Share Share
Tweet Tweet
Forward Forward
Share Share
+1 +1

Issue  77                                                                                                 January 2020

A word from the Chair

Hello and welcome to the January newsletter, I hope that all is well in your world and that 2020 has been positive for you thus far.
So, as I sit here writing this on the last day of January I am very conscious of the fact that we are at the start of a new decade and that although only 31 days in, so much has changed already. You could be forgiven for feeling a little bit "dazed". After all, we've had changes in the Royal family that have led to a mini abdication of sorts – the environment clamouring for attention with earthquakes and irregular weather patterns – the now global coronavirus health emergency – and of course today is B’day the start of the UK leaving the EU after 40 years.
You don't have to look far to find some linkage with diversity, inclusion and belonging: the Royal family drama has served to expose the feelings held by many about ethnicity and belonging. It is hard not to be horrified by what has been witnessed in the press via television interviews and articles where the bias is so evident that it's embarrassing.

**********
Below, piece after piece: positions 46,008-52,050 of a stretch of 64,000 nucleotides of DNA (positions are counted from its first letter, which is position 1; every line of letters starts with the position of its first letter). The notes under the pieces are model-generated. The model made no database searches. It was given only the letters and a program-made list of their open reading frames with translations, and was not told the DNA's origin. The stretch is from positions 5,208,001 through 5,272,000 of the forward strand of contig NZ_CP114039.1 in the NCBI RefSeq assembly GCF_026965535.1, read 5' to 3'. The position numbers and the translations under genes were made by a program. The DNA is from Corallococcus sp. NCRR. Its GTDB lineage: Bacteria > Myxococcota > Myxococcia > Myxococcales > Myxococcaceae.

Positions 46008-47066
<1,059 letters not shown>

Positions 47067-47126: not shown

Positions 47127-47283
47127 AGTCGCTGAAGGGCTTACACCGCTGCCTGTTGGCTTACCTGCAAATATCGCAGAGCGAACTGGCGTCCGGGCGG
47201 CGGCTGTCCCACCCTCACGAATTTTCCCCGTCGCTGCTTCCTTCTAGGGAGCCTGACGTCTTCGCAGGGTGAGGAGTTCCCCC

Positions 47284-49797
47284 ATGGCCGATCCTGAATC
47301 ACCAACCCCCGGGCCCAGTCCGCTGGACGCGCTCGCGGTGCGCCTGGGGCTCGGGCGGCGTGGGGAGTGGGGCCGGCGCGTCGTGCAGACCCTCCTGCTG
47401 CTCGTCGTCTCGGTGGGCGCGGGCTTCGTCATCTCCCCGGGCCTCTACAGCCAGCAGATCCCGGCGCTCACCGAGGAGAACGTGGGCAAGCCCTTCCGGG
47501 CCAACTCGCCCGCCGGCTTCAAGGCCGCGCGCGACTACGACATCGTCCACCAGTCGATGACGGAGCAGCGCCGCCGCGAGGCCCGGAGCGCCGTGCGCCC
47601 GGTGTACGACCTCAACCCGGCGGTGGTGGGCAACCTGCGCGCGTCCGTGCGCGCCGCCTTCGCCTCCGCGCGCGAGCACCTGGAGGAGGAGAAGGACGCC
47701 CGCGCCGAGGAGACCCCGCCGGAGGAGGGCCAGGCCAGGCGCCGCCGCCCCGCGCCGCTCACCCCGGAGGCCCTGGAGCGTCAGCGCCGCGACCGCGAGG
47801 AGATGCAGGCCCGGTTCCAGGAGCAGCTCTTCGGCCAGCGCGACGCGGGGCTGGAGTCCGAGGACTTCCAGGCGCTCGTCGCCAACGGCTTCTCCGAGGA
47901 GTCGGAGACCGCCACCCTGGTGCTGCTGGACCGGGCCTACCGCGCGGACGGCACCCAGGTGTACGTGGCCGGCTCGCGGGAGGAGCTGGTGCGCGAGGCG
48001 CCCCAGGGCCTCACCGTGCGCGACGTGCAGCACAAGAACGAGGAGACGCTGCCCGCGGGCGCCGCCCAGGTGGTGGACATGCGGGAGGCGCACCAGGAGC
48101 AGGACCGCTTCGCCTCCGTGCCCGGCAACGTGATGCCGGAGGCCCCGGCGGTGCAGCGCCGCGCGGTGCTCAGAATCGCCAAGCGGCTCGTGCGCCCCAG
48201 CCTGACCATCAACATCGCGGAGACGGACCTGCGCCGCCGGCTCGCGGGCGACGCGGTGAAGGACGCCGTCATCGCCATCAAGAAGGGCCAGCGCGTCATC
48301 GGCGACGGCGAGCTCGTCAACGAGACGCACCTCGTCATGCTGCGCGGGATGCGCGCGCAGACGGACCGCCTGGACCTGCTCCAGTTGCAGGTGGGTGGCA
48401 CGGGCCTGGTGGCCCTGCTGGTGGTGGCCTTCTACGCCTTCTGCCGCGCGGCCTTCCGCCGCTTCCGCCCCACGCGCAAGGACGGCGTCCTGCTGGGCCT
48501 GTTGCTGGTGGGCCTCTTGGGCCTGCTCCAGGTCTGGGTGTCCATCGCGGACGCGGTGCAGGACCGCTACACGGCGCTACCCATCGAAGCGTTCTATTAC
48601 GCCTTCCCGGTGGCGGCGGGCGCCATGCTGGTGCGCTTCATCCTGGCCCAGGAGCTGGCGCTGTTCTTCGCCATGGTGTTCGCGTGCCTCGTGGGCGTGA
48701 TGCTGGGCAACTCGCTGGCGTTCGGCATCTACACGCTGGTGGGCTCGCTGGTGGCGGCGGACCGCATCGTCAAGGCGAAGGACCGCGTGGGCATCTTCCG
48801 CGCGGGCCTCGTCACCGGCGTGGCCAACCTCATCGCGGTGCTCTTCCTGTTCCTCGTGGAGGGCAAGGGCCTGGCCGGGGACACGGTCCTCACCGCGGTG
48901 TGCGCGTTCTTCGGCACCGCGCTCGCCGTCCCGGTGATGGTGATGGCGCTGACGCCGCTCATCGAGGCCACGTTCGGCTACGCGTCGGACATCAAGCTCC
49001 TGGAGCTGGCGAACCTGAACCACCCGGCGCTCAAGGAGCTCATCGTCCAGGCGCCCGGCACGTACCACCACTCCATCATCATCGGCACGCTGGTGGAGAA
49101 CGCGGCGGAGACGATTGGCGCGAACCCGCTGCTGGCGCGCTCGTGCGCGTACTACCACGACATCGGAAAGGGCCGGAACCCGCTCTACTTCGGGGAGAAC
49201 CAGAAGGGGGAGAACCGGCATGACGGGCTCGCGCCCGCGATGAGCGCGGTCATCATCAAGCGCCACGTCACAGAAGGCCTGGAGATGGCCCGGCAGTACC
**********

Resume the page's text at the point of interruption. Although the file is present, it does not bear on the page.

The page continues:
Now that Brexit day is here, some of the toxic rhetoric is bound to resurface and most of that revolves around diversity inclusion and belonging too. 
So while we have made great progress over the years there is clearly much deeper work still to be done, as from where I'm sitting we've only just begun to scratch the surface. 
With that said I ask you to continue to support IEDP with the work that we do, spread the word, encourage your friends and colleagues to join especially as basic membership remains at £30; speak to your employers about joining as corporate members because ultimately this work is everyone's responsibility not just leaders, not just managers but everyone's.
Please join us at our first webinar of the year which is aptly titled why bother with inclusion details are below.